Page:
The annual Van Sinderen lecture will be held on Tuesday, October 25 at 4:30 pm in the Beinecke Library, rooms 38 & 39. All are welcome to attend.
With its striking ocher and black hand-painted illustrations of Greek vases, Pierre-François Hugues d’Hancarville’s Collection of Etruscan, Greek, and Roman Antiquities from the Cabinet of the Honble. Wm. Hamilton in four large folio volumes (Naples, 1766–67) is a monumental textual artifact. This lecture examines the book in its contemporary contexts and considers how its representation of ancient artifacts occasioned a series of subsequent material representations—with remarkable cultural consequence. How does the material book, itself a collectible artifact, both depict and distort the historical object? What versions of antiquity ensue in print and replica, and how do their embodiments shape the activities of both museum and marketplace? We will consider how Hamilton’s Cabinet gave rise to a fashion for collecting in France, Italy, and England. With the rise of antiquaries and the presentation of their collections in books as well as exhibitions, how are the library and the museum united in the accumulation and display of artifacts—and in the knowledge that comes from reading historical collections with the book in hand?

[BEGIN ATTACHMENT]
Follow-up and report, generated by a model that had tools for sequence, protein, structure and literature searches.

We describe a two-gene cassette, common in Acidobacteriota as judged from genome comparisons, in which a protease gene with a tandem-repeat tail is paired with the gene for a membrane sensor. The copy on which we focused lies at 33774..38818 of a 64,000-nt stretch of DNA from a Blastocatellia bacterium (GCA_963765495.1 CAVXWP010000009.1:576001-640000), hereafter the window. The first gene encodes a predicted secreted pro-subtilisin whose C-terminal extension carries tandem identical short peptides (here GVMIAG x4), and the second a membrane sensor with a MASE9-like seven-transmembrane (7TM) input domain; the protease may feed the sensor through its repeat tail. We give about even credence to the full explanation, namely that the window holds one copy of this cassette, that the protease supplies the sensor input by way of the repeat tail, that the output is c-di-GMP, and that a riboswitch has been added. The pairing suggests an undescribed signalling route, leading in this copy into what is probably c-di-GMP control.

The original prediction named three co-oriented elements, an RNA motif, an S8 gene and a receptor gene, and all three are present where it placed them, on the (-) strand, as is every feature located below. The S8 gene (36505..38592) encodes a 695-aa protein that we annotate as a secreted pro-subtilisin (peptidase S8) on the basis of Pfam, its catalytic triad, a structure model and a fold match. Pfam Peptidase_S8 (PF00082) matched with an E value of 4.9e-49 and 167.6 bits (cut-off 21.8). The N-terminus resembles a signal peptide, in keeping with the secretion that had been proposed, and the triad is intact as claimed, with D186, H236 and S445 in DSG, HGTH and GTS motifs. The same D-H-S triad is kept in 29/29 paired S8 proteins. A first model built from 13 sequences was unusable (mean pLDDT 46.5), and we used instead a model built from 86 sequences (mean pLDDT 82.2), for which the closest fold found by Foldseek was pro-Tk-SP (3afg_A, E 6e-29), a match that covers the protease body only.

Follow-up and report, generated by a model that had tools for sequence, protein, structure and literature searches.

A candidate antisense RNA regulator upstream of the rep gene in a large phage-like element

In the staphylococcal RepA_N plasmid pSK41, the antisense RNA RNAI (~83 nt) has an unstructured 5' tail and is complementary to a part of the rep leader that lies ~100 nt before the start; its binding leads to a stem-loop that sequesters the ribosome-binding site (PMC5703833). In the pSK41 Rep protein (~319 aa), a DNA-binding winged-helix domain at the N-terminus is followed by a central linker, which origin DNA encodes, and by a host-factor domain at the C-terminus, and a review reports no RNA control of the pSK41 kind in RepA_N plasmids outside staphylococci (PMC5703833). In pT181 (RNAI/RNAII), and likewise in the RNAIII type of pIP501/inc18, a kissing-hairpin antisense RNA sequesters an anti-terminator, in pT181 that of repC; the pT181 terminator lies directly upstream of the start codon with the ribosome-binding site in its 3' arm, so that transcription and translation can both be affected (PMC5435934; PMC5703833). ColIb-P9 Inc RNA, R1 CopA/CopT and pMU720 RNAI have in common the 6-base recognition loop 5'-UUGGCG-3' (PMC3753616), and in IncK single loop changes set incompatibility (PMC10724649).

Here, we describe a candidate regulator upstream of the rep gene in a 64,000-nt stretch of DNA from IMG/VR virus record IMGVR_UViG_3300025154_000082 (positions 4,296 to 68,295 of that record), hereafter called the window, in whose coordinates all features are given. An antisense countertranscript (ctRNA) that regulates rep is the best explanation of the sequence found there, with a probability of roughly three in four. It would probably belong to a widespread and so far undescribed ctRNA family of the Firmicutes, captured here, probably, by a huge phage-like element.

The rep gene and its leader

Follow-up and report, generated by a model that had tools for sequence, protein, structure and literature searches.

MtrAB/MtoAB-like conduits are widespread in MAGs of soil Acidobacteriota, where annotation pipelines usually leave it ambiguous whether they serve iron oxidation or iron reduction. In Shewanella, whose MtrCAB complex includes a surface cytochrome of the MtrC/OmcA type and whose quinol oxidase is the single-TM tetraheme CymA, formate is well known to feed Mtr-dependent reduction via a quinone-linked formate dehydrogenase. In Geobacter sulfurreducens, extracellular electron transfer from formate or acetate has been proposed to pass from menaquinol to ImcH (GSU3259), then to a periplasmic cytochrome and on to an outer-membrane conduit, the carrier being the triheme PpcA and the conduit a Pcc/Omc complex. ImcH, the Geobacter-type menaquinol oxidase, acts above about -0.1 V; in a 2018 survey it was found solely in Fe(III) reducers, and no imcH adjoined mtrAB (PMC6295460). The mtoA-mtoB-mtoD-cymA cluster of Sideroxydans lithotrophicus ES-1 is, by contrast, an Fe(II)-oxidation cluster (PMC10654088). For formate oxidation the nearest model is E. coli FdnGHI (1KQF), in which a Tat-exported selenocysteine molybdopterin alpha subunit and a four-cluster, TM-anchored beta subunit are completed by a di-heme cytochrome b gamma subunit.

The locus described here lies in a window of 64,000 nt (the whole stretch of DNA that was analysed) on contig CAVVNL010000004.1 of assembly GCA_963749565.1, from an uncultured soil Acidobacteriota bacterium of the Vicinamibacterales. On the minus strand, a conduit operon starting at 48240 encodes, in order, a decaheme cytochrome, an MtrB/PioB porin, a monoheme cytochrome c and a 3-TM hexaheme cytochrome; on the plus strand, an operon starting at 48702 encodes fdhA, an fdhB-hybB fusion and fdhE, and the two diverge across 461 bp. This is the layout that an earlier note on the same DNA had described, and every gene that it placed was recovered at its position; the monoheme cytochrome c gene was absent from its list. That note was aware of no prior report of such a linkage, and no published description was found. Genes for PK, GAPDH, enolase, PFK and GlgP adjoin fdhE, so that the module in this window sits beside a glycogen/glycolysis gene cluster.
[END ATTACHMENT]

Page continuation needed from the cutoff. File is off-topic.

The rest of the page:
Michael F. Suarez, S.J., is University Professor and Director of Rare Book School at the University of Virginia. He is a Distinguished Presidential Fellow of the Council on Library and Information Resources (CLIR) and was recently nominated by President Obama to be a member of the National Council on the Humanities. His 2015 series of Lyell Lectures in Bibliography at the University of Oxford will be published by Oxford University Press next year.